Java 10 var and capture variable

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I'm reading the JEP 286 but I don't understand this part:

Capture variables, and types with nested capture variables, are projected to supertypes that do not mention capture variables. This mapping replaces capture variables with their upper bounds and replaces type arguments mentioning capture variables with bounded wildcards (and then recurs). This preserves the traditionally limited scope of capture variables, which are only considered within a single statement.

Can anyone make me a concrete example in Java code of what it meaning?

 


var allows you to infer a non-denotable type:

var x = new Object() {     int i = 10; };  System.out.println(x.i); // works; `x` has the non-denotable type of the annonymous class 

So theoretically that would allow you to infer a wildcard type. But what this text is saying is that that is not possible, because the wildcard is replaced by it's upper bound, or by a new capture variable in the inferred type.

Take for instance this snippet of code:

List<String> l1 = new ArrayList<>(); l1.add("Hello"); List<?> l2 = l1;  var x = l2.get(0); l2.add(x); // error 

Here, instead of the type of x being inferred to the exact type of the wild card, which would make the last line compile. Instead it is inferred to it's upper bound, which is Object, and you get the (Eclipse) error message:

The method add(capture#2-of ?) in the type List<capture#2-of ?> is not applicable for the arguments (Object)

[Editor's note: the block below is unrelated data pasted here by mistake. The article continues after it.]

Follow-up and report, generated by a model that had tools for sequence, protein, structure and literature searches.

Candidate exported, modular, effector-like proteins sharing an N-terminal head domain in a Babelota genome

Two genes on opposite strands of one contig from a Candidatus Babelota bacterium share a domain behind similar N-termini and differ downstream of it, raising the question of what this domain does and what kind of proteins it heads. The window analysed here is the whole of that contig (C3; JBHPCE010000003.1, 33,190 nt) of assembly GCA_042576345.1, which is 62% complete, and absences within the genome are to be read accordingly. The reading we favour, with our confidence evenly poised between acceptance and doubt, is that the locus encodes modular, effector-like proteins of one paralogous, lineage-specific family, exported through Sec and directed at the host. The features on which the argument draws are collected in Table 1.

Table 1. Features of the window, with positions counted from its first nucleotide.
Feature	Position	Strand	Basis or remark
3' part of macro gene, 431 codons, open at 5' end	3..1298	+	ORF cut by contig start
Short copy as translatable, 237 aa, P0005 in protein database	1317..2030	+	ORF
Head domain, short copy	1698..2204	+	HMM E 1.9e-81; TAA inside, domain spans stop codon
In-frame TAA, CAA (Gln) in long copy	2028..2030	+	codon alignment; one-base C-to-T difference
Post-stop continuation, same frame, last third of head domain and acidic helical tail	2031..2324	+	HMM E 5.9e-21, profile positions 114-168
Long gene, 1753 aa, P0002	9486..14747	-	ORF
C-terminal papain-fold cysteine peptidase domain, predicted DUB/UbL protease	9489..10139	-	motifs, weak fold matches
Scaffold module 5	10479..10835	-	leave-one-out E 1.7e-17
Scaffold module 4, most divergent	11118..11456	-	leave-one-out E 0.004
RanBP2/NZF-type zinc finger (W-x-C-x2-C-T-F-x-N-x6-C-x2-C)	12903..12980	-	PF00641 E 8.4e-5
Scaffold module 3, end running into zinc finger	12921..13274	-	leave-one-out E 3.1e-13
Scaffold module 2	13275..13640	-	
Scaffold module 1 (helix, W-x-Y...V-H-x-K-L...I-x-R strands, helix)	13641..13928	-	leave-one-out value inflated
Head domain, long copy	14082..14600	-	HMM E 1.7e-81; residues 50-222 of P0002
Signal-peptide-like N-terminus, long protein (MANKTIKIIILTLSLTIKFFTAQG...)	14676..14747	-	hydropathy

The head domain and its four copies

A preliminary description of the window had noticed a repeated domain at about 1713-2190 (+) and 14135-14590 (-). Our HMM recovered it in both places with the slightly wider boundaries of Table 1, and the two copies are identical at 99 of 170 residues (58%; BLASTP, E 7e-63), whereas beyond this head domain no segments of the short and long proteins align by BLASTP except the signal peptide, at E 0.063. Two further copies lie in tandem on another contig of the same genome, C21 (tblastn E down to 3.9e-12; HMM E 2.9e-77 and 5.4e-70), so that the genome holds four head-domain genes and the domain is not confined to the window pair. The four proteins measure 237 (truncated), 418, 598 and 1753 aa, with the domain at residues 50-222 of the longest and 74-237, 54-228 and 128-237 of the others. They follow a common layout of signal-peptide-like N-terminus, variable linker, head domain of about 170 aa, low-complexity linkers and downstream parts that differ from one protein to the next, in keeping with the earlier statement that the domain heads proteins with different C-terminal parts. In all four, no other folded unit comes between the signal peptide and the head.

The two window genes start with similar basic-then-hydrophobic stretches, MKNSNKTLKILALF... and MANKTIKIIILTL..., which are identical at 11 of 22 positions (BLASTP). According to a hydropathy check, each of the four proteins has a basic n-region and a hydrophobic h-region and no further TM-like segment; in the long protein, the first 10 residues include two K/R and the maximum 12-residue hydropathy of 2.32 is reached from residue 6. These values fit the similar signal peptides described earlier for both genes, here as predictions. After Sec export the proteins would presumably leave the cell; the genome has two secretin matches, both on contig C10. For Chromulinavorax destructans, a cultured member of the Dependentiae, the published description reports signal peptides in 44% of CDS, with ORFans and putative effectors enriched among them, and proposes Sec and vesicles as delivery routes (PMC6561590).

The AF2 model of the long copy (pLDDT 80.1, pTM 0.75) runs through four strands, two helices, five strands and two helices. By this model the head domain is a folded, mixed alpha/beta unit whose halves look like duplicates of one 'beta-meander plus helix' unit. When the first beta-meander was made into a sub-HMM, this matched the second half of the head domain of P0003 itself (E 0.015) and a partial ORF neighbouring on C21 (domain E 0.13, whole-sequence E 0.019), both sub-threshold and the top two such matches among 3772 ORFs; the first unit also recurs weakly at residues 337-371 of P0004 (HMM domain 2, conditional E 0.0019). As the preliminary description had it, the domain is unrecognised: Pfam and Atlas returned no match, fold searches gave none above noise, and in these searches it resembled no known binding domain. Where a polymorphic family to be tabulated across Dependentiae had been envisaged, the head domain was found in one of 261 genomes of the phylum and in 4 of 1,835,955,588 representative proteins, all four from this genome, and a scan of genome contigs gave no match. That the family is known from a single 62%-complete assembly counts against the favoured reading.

Where you can see that the type of x is Object.

That is the part

This mapping replaces capture variables with their upper bounds


The second part

... and replaces type arguments mentioning capture variables with bounded wildcards

Is talking about a situation like this:

List<?> l1 = new ArrayList<>();  l1.add("Hello"); // error 1 var l2 = l1; // type is not the same as that of `l1`, but replaces the capture variable l2.add("Hello"); // error 2 

Again, I'm using errors here to make the inferred types visible. The errors are:

The method add(capture#1-of ?) in the type List<capture#1-of ?> is not applicable for the arguments (String) 

And:

The method add(capture#3-of ?) in the type List<capture#3-of ?> is not applicable for the arguments (String) 

And you see that both of the capture variables are distinct, meaning that the type of l2 is not exactly the type of l1, but the capture variable of the type of l1 in the inferred type is replaced by a wildcard with the same bound, for which a new capture variable is then created.

So for List<capture#1-of ?> the inferred type is List<?>, and then the compiler creates a new capture variable for that wildcard, yielding List<capture#3-of ?>.

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